MorningWord 8/13/13: In my time in this business I have seen some pretty interesting dust-ups between activists and the the companies that they target. Guys like Dan Loeb of Third Point used to amuse market participants with his communications to his target companies (remember YHOO here), but he has tempered his process a bit of late, much to the financial press and onlookers dismay. One thing that has always struck me is what and how these activists choose to go after. Obviously one of the first prerequisites is finding unlocked value that has been overlooked or simply mismanaged by those charged with running the company as was the case for years prior to Loeb entering his YHOO position in 2011 pushing for board representation. Looking at his entry to the stock in 2011, when it was left for dead, the change he affected on the management and board level, his ability to refocus management & investors, and how his action resulted in a positive outcome….. the guy deserved to sell two thirds of his stake BACK to the company for more than 125% gain at multi-year highs. Bravo.
Loeb’s YHOO trade was about as close as you will come to a work of art in this business, which is why when some of these activist situations go terribly wrong, as they have for another high profile investor Bill Ackman of Pershing Square this year they garner so much attention. Ackman has been kicked around a bit for what seems to be a precarious short in HLF, with his thesis largely predicated on hope for some negative FTC action, while another high profile position gone awry is his nearly 18% holding in beleaguered retailer JCP that is approaching death-spiral territory. I am not going to go into the merits of each, make no mistake about it, this guy does his work and he certainly puts his money where his mouth is, but the only problem of late is that his mouth might be writing checks his fund can’t cash.
It strikes me sometimes as odd the stories that activists are willing to fight for, and none more interesting than JCP by Ackman and Carl Icahn’s ongoing (albeit petering off) battle for DELL. When Ackman took his stake in JCP it was a very different company, possibly reflecting the fact that the value of his investment has nearly been cut in half since back in 2010. And to be honest I have to assume the stock looked a lot more attractive when it was in the mid $20s then it does now in the low teens. IN the last 3 months JCP has burned about $1 billion is cash as the company has done an about face on the retail strategy that was an about face on the decades long prior strategy. The company’s market cap has shrunk to $2.9 billion, cash sits at little less than $1 billion while their debt is nearing $4 billion all with the backdrop of ballooning losses and sales declines. The best case scenario in the near term would just be stabilization, and a Loeb style “win” seems to be years off.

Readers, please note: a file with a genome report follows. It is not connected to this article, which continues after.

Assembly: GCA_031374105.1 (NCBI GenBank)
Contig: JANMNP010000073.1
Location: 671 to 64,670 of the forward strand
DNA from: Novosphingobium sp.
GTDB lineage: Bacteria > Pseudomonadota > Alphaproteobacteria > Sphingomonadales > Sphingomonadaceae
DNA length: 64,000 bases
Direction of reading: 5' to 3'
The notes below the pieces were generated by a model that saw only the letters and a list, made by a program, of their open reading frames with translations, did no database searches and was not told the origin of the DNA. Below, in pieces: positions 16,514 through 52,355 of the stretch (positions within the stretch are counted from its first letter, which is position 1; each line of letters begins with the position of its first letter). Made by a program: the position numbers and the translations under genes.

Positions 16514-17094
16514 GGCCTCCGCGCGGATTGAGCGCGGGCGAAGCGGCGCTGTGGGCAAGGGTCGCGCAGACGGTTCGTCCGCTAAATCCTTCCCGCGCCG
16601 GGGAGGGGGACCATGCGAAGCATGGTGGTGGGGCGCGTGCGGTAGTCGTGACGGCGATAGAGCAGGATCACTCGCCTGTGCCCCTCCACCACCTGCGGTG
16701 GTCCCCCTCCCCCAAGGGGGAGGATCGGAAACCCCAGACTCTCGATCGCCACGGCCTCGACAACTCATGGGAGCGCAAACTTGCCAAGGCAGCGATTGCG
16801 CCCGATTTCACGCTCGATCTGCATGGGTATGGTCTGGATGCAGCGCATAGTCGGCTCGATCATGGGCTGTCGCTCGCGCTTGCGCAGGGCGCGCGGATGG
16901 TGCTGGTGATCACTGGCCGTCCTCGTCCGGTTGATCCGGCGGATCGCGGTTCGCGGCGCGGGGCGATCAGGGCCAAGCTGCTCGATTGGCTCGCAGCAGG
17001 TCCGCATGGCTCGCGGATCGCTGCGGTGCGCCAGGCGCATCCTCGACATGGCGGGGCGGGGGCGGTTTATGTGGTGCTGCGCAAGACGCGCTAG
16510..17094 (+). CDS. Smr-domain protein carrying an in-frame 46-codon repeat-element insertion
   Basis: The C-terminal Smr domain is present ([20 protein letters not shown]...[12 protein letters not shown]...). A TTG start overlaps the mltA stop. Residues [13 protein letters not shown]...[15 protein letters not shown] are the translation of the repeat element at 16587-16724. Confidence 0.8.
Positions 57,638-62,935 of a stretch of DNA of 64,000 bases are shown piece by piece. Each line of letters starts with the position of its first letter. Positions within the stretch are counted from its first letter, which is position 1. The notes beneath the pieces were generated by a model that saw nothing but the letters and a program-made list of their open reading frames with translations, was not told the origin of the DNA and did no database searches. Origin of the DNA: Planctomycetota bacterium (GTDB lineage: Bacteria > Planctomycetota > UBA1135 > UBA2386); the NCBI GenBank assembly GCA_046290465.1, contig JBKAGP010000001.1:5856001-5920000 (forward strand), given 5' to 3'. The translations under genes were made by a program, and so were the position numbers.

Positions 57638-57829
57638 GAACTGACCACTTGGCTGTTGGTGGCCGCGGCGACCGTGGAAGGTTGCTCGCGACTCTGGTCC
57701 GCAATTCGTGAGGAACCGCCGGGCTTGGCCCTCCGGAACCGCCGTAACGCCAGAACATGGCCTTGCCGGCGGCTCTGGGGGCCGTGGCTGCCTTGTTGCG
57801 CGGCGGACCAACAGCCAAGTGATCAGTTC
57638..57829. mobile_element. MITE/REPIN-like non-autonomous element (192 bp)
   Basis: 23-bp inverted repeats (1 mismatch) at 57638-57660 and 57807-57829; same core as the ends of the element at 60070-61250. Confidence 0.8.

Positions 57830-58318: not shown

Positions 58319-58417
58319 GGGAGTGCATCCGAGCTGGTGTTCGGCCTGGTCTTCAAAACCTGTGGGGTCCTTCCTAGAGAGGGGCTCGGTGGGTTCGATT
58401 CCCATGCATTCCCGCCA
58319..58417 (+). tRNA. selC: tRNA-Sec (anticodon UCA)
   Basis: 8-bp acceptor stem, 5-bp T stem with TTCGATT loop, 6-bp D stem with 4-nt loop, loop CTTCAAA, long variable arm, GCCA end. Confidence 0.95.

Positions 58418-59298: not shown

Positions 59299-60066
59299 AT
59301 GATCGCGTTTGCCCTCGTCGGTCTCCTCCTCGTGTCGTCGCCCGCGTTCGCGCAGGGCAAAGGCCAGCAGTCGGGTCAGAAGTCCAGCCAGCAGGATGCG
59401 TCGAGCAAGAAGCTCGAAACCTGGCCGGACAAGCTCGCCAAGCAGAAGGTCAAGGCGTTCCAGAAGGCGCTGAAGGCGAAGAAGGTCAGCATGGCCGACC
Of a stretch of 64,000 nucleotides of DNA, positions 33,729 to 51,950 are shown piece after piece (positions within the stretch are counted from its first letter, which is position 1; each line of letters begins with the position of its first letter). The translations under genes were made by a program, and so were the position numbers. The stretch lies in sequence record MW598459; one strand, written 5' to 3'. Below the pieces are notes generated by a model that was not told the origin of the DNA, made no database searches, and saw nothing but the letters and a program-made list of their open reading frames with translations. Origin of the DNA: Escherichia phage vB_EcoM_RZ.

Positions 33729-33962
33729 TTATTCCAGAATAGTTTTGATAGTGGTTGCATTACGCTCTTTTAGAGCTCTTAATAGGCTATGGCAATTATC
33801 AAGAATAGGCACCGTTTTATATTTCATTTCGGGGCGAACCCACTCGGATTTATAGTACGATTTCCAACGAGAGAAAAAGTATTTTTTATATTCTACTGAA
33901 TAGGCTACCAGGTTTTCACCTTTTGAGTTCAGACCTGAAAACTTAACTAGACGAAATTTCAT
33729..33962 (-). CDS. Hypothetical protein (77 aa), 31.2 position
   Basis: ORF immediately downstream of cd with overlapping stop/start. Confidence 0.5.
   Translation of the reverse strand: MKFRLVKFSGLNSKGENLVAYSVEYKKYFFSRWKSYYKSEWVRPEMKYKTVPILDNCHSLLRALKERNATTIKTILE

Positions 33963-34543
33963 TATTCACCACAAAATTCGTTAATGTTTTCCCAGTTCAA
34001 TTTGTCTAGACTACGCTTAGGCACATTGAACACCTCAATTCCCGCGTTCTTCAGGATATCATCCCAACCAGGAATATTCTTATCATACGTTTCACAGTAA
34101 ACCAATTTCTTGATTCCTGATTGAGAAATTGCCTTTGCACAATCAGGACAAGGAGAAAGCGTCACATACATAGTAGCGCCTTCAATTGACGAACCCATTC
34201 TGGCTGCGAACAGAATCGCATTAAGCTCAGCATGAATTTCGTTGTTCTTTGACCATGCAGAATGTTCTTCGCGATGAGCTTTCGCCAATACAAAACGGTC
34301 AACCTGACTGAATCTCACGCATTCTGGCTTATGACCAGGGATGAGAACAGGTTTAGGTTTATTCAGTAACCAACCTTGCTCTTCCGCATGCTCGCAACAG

Which leads me to BBRY, and why it may be perennially the ugly red headed step child of activist bait. Yesterday the company announced that they had once again hired bankers to “explore strategic alternatives, that could include a sale”. This is a term that should be quite familiar to RIMM shareholders as it seemed that since the prior management lost their grip on the once monopoly of the smartphone market, that takeout might be their only way out. The problem is now that almost every strategic buyer the world over has taken a look at BBRY and passed in the last 2 years, which leaves financial buyers, the sort that would take the company private. Much like JCP, and this is the only real comparison, BBRY earnings and sales have seen a dramatic decline of late, but the company is infinitely better capitalized with 50% of their market cap in cash and no debt. For the better part of 2013, since Michael Dell announced his intention to take the computer company bearing his name private, I have wondered aloud what makes DELL so much more attractive to private equity that BBRY? I suppose the third time will be a charm (third “exploration” in so many years) as media reports have picked up numerous instances where Canadian pension funds would invest in a bid to take BBRY private. I guess sometimes situations have to be so picked over, and so reviled before they have a prayer of happening.
DISCLOSURE: Hopefully No Red Heads were injured in the naming of this post.